How do you deal with backdraft when fighting a fire?
The goal is to remove as much heat and smoke from the structure as possible before introducing any new oxygen
Updated July 7, 2017
All three components of the fire triangle – fuel, heat and oxygen – must be present to have fire. A fire will burn until one or more of the three components are removed – the basis of traditional fire extinguishing methods.
Firefighters are trained to identify the signs that a fire will lead to an arc flash (flashover) or backdraft.
If gases (the fuel) rise to the ceiling and begin to spread, and nothing is done to ventilate or cool the room, a flashover – the sudden, simultaneous ignition of everything in an area – can occur. Due to intense temperatures achieved of as high as 1,000 degrees Fahrenheit, even a firefighter in full protective gear is unlikely to survive a fire arc.
Signs a flashover are imminent include dense black smoke with tightly packed curls, dense black smoke that pushes out of an opening; and smoke that has accumulated as low as a doorknob, with fire visible below.
In a backdraft, a fire burning in a confined area consumes all the oxygen, and flames are no longer visible. As temperatures increase, the gases expand and pressure builds. Any opening that allows oxygen to enter the space will result in the explosion of the pressurized gases.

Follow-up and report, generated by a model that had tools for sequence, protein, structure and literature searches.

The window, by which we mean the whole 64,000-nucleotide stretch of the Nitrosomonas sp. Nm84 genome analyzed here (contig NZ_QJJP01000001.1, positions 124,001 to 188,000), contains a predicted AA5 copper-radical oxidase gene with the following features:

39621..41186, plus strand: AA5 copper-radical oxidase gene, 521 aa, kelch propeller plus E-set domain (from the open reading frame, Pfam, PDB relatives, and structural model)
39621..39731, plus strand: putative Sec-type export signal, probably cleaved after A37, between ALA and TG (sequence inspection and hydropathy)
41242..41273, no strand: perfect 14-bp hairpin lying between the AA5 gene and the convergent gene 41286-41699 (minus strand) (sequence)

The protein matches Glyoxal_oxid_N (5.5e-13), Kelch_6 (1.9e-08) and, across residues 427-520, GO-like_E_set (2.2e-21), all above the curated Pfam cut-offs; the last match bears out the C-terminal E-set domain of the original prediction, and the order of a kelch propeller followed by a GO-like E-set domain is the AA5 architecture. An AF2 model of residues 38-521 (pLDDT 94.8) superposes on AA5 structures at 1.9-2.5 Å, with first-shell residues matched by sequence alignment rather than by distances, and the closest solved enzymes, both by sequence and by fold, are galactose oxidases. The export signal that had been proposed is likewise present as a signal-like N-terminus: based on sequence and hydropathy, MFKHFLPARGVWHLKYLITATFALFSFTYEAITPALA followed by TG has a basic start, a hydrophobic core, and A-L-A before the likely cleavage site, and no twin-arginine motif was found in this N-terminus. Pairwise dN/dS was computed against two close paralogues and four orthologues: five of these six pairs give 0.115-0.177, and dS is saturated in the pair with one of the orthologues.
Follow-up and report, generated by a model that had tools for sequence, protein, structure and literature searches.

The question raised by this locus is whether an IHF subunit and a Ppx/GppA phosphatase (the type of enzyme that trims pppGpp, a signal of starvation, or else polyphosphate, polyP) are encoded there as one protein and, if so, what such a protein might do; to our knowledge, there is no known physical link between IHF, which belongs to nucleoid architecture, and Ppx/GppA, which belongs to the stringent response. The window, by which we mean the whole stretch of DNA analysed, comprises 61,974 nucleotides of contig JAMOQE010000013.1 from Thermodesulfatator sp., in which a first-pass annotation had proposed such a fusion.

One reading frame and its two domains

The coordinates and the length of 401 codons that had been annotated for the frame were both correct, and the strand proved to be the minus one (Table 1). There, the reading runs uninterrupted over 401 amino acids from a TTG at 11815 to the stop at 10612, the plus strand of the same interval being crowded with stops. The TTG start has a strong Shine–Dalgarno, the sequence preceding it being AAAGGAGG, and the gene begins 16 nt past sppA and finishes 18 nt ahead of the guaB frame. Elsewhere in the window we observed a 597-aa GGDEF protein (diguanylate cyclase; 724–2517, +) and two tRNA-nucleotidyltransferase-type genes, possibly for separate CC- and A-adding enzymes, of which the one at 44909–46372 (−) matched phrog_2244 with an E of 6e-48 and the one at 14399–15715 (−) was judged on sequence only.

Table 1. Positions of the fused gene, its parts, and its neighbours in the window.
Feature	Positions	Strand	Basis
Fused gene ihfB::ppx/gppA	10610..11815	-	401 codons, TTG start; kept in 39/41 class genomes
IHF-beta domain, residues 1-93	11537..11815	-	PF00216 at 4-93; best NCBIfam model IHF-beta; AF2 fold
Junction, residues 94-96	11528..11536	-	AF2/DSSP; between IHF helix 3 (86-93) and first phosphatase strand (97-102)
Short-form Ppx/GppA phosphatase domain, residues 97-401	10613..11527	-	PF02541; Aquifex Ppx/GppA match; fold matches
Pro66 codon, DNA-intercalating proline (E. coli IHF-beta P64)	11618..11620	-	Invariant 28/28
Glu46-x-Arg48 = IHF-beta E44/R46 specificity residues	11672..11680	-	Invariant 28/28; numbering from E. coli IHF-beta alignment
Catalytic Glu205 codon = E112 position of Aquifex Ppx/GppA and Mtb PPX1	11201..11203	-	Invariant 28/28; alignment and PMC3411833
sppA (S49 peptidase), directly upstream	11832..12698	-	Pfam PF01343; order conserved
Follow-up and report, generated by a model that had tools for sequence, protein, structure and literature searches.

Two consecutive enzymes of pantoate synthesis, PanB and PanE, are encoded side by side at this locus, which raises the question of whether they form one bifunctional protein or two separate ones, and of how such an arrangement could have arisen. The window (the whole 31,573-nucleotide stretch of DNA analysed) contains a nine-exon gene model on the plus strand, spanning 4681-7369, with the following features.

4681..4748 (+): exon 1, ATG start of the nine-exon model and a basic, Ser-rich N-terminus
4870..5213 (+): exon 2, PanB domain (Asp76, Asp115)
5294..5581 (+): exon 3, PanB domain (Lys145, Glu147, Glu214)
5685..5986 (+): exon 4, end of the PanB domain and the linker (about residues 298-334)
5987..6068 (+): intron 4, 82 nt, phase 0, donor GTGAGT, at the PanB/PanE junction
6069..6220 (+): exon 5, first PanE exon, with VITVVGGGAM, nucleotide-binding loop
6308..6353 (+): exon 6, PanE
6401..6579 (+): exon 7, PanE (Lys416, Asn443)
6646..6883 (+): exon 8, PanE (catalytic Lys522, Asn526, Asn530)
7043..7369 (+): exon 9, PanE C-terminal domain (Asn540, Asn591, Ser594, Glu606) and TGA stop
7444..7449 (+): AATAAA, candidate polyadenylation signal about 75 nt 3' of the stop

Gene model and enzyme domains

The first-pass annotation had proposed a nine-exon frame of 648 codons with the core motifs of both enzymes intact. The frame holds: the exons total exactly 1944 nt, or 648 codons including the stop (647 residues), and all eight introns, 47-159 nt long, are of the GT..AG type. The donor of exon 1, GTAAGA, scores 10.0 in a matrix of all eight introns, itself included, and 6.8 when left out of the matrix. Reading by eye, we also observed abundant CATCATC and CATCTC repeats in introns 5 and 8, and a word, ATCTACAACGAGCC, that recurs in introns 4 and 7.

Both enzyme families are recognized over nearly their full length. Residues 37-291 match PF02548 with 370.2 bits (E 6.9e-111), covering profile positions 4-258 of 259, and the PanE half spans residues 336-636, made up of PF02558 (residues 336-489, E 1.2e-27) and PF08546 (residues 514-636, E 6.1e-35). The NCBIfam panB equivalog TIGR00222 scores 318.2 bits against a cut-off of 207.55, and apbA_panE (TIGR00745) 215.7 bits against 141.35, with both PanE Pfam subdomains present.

Firefighter perspective on backdraft
A question posted recently on Quora asked, "How do you deal with backdraft when fighting a fire?" Firefighter Ben Urwin gave his opinion on the topic below. Check it out and add your own thoughts in the comments.
Backdrafts or smoke explosions can occur in fires that are severely ventilation-limited. This means that the fire's aggravation is limited by the amount of oxygen available to it. The other two necessary ingredients for backdraft are available in abundance: heat and fuel. In this instance, the fuel is the smoke being released by the fire which contains a large amount of carbon monoxide – a flammable gas.
When these conditions are encountered, the goal is to remove as much heat and smoke from the structure as possible before introducing any new oxygen. Most of the time, this is accomplished by cutting an opening in the roof and refraining from opening any windows or doors on or below the fire floor until conditions have changed.
This means that no search and rescue can occur and no water is being put on the fire until the vertical ventilation can be completed. This can be difficult to understand for people watching the operations, especially if the house happens to be theirs!
However, in a fire where the conditions are right for a backdraft to occur, there is absolutely no chance of finding anyone alive in the building. Fire growth is fairly slow and it may even be auto-extinguishing due to lack of oxygen. The biggest danger, by far, is that of a backdraft and so the risk must be eliminated before the firefighters can move on to other priorities.